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♪ mark: that casey hunt. let me start with you. at what point do the folks down ballot start to cut ties with mr. trump? is a moment where they go we have to say this thing down ballot? >> i have not sure we will see people cut ties. we have certainly seen a change after the convention. i had pollsters telling me before the convention they were not seeing trump's affects that affect down ballot. after the convention this has changed. i don't hear pollsters saying trump is not going to affect down ballot races. as he has tanked so have republican candidates he is down 10 points and pennsylvania and pat toomey has been behind for
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the last five holes -- polls. he can run nine points ahead of trump and he is still losing that race right now. casey: i'm curious of the challenge in a place like pennsylvania with trump trying to separate these noncollege, white, male voters for the most part who live in western pennsylvania with a republican to live in the philadelphia suburbs. people who voted for mitt romney. do you see a way for a person like pat toomey death threat that needle? -- to thread that needle? eliana: we have seen recently he is campaigning in the philadelphia suburbs. this was someone champion by the club for growth as a conservative purist who won an incredible race in 2010, now these in the philadelphia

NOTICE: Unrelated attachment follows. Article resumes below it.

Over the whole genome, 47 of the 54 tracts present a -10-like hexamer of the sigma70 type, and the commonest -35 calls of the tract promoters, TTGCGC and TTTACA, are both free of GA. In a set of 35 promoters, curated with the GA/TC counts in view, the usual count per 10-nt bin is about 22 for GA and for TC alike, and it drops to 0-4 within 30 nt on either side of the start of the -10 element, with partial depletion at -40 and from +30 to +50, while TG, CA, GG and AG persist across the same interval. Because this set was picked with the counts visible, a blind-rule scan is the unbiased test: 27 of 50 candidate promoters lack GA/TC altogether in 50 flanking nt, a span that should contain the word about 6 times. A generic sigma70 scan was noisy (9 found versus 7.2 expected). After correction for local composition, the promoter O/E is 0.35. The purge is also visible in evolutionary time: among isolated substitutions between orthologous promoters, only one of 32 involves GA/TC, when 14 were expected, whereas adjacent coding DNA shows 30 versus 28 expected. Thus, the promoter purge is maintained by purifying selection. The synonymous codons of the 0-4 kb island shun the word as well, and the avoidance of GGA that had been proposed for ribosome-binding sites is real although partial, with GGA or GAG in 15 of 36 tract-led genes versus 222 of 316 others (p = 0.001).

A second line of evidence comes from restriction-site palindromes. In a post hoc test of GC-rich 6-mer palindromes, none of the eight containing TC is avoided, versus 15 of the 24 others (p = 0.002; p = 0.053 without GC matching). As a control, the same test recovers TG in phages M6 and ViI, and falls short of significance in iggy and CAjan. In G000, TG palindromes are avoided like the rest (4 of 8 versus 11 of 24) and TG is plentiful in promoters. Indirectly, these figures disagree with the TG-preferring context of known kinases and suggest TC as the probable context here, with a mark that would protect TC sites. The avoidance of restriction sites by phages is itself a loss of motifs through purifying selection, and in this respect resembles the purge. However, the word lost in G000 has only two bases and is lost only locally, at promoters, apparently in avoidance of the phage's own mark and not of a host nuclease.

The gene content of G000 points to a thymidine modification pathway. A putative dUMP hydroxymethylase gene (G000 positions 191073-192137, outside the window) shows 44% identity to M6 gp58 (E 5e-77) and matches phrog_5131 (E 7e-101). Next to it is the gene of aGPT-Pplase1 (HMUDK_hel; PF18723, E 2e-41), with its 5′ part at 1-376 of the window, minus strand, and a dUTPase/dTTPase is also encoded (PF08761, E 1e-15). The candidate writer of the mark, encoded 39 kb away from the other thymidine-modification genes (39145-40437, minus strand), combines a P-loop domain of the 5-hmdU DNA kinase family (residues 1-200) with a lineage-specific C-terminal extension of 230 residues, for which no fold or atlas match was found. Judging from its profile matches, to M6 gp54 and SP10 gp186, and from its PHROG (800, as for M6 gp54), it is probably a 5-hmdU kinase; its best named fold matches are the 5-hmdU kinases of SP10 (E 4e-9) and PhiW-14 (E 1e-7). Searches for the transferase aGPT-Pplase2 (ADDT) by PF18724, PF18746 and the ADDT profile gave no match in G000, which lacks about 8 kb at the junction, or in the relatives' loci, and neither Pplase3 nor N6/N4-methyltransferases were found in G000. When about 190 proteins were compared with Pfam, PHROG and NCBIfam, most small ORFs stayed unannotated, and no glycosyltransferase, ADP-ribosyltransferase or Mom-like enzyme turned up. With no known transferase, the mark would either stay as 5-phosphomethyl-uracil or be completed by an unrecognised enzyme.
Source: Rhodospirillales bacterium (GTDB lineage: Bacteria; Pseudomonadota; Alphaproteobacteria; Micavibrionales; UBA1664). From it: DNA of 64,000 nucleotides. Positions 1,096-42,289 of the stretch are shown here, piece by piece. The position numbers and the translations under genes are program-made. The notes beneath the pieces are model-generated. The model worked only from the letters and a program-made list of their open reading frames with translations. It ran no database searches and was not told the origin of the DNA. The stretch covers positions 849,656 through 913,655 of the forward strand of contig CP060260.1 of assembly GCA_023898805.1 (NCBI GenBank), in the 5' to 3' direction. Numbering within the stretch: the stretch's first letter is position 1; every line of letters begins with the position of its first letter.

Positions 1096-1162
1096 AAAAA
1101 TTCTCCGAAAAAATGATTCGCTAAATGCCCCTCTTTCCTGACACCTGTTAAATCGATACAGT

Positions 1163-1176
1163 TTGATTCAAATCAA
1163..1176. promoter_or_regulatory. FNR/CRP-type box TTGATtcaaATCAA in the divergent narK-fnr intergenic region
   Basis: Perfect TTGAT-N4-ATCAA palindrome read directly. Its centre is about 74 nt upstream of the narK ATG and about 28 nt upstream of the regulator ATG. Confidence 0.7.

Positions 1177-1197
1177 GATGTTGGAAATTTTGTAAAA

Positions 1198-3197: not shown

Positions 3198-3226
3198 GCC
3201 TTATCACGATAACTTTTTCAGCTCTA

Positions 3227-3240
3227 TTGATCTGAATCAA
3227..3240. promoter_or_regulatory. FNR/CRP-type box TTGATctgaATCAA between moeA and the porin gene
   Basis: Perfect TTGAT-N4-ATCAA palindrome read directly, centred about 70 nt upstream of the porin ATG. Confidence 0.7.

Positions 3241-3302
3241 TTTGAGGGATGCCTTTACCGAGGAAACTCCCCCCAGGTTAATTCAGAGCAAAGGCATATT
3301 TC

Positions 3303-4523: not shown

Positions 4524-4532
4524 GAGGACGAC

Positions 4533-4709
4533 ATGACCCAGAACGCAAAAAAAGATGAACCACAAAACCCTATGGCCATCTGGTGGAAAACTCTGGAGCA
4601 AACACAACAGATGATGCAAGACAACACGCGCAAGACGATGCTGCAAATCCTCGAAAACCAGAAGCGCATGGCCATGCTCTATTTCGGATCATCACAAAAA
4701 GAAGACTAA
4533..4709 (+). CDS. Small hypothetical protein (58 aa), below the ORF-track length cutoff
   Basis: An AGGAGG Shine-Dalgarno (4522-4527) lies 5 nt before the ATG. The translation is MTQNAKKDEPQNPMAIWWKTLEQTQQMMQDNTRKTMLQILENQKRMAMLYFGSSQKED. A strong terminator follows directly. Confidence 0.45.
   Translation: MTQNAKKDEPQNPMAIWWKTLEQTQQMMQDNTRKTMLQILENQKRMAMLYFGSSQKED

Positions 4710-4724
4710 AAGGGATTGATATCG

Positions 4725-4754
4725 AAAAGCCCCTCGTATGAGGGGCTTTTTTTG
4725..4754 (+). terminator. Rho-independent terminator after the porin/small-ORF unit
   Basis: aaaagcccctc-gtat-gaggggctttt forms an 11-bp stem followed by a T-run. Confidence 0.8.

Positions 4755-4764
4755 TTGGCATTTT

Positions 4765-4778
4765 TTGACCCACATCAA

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suburbs with a moderate democrats. his views on trade, he is a pro-free trader. he has not endorsed trump and says he will not make a decision until he is in the voting booth. he is doing is incredibly difficult to step -- two step. it will be difficult for him not to like he is acting like a politician, but he is trying. i think it's obvious the voters he is keeping trump as far away as he can. it is a tremendously difficult needle to thread. donny: you are out on the trail. there was a theory early on that says on some level trump does not want to win. it is percolating more and more with his behavior. anything hit a nerve with you there? there are a lot of things adding up that says maybe it's not as crazy as it is. casey: he doesn't want to lose. i understand, but they are opposite, right? erik: --